An Internet group considered the world’s leading spam-fighter says it’s been hit with a series of nonstop cyberattacks by spam-sending operations affected by its efforts, creating havoc for computer users worldwide.
The attacks are so powerful, experts fear they could eventually affect online banking, email, and other services.
Spamhaus, based in Switzerland, sends out round-the-clock updates on Internet service providers that allow spammers — who send out millions of unsolicited bulk messages — to flourish. It also blacklists those groups.
But since March, Spamhaus has been pummeled with endless "denial-of-service" assaults that have come close to shutting it down — apparently sent by spamming groups determined to get even.
According to The New York Times
, the attacks have caused millions of regular Internet users to experience delays in services like Netflix or have trouble reaching websites.
Cybersecurity expert Alan Woodward told the BBC the attacks are causing a global traffic jam on the Web.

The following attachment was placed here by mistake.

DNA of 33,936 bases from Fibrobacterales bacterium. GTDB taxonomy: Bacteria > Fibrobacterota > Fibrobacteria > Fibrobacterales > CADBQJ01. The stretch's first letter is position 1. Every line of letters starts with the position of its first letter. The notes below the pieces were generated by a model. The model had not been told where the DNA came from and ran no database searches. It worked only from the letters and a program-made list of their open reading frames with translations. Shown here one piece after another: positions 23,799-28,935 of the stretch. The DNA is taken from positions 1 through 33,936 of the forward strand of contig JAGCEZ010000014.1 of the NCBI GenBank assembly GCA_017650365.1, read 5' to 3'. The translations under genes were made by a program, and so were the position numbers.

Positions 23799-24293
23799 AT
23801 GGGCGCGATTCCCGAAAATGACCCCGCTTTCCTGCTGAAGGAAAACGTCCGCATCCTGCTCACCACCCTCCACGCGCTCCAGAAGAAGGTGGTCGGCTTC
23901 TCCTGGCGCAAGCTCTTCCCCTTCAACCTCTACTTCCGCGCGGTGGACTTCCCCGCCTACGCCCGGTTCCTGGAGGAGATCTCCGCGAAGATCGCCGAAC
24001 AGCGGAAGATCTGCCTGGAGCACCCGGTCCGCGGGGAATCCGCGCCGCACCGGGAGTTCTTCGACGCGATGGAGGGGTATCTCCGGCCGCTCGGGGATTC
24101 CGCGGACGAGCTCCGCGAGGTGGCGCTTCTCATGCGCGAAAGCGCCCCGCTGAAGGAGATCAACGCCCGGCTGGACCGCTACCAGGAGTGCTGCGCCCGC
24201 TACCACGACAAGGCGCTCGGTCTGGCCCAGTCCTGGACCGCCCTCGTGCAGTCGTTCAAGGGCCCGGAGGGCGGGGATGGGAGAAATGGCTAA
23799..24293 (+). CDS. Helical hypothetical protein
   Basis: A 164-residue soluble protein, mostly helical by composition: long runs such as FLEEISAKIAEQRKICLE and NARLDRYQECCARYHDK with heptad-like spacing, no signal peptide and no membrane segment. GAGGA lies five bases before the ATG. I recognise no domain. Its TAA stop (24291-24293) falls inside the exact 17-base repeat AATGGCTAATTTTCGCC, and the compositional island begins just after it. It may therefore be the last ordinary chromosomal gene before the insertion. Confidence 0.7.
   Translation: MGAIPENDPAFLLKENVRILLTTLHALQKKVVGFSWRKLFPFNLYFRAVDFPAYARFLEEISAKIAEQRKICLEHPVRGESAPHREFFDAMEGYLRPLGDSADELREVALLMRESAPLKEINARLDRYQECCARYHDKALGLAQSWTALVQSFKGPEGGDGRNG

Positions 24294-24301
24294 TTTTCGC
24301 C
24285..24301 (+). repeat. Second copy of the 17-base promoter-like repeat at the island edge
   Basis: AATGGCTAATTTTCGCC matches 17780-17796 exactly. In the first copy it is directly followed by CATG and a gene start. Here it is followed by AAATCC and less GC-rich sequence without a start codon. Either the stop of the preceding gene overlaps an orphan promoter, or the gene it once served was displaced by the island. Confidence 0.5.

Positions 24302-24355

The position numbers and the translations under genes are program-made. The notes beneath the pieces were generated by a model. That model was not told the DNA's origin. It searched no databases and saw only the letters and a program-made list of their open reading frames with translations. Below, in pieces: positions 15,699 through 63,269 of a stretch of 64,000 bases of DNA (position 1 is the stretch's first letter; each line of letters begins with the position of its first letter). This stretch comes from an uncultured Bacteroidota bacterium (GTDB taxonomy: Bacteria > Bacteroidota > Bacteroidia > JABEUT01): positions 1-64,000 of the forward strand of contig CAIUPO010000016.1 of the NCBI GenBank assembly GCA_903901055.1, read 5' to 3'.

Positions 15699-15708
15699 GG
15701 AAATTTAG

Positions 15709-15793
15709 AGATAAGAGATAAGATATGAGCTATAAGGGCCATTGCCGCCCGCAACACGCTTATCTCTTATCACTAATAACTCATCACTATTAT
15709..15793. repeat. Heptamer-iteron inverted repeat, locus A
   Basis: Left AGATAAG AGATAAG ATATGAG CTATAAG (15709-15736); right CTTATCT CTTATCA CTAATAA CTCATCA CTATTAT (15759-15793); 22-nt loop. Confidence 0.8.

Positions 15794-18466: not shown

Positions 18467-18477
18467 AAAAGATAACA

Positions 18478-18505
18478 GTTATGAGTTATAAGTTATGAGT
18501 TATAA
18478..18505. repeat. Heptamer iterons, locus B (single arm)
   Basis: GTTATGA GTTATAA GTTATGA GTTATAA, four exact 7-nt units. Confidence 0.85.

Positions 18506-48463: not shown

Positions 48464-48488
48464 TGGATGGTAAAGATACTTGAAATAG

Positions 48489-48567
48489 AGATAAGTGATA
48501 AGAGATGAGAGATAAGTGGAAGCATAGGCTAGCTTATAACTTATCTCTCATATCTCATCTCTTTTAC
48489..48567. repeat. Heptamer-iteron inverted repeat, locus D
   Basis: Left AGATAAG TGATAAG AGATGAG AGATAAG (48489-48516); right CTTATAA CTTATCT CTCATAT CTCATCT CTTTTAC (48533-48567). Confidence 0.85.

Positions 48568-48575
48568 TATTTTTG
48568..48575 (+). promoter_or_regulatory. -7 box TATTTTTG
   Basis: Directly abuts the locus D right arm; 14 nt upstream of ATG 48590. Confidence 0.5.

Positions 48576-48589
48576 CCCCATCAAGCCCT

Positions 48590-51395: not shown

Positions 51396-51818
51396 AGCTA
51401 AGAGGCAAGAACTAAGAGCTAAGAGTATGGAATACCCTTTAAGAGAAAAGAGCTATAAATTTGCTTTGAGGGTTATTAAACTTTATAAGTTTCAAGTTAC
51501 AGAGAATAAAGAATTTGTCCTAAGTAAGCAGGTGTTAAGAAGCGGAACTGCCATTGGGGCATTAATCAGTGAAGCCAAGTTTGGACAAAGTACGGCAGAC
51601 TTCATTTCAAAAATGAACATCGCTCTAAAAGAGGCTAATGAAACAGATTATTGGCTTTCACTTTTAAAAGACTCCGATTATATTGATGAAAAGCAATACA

"If you imagine it as a motorway, attacks try and put enough traffic on there to clog up the on and off ramps. With this attack, there’s so much traffic it’s clogging up the motorway itself," he said.
The Times reports the cyberwar began when Spamhaus added Cyberbunker, a Holland-based company that offers Web hosting, to its blacklist for allegedly allowing spammers to operate.
"These guys are just mad. To be frank, they got caught. They think they should be allowed to spam," Patrick Gilmore, of the digital content provider Akamai Networks, told the newspaper.
Steve Linford, chief executive for Spamhaus, told the BBC the attacks have been powerful enough to potentially take down government Internet infrastructures.
Cyberdetectives from all over the world are now working to stop the attacks before they can cause cataclysmic damage.
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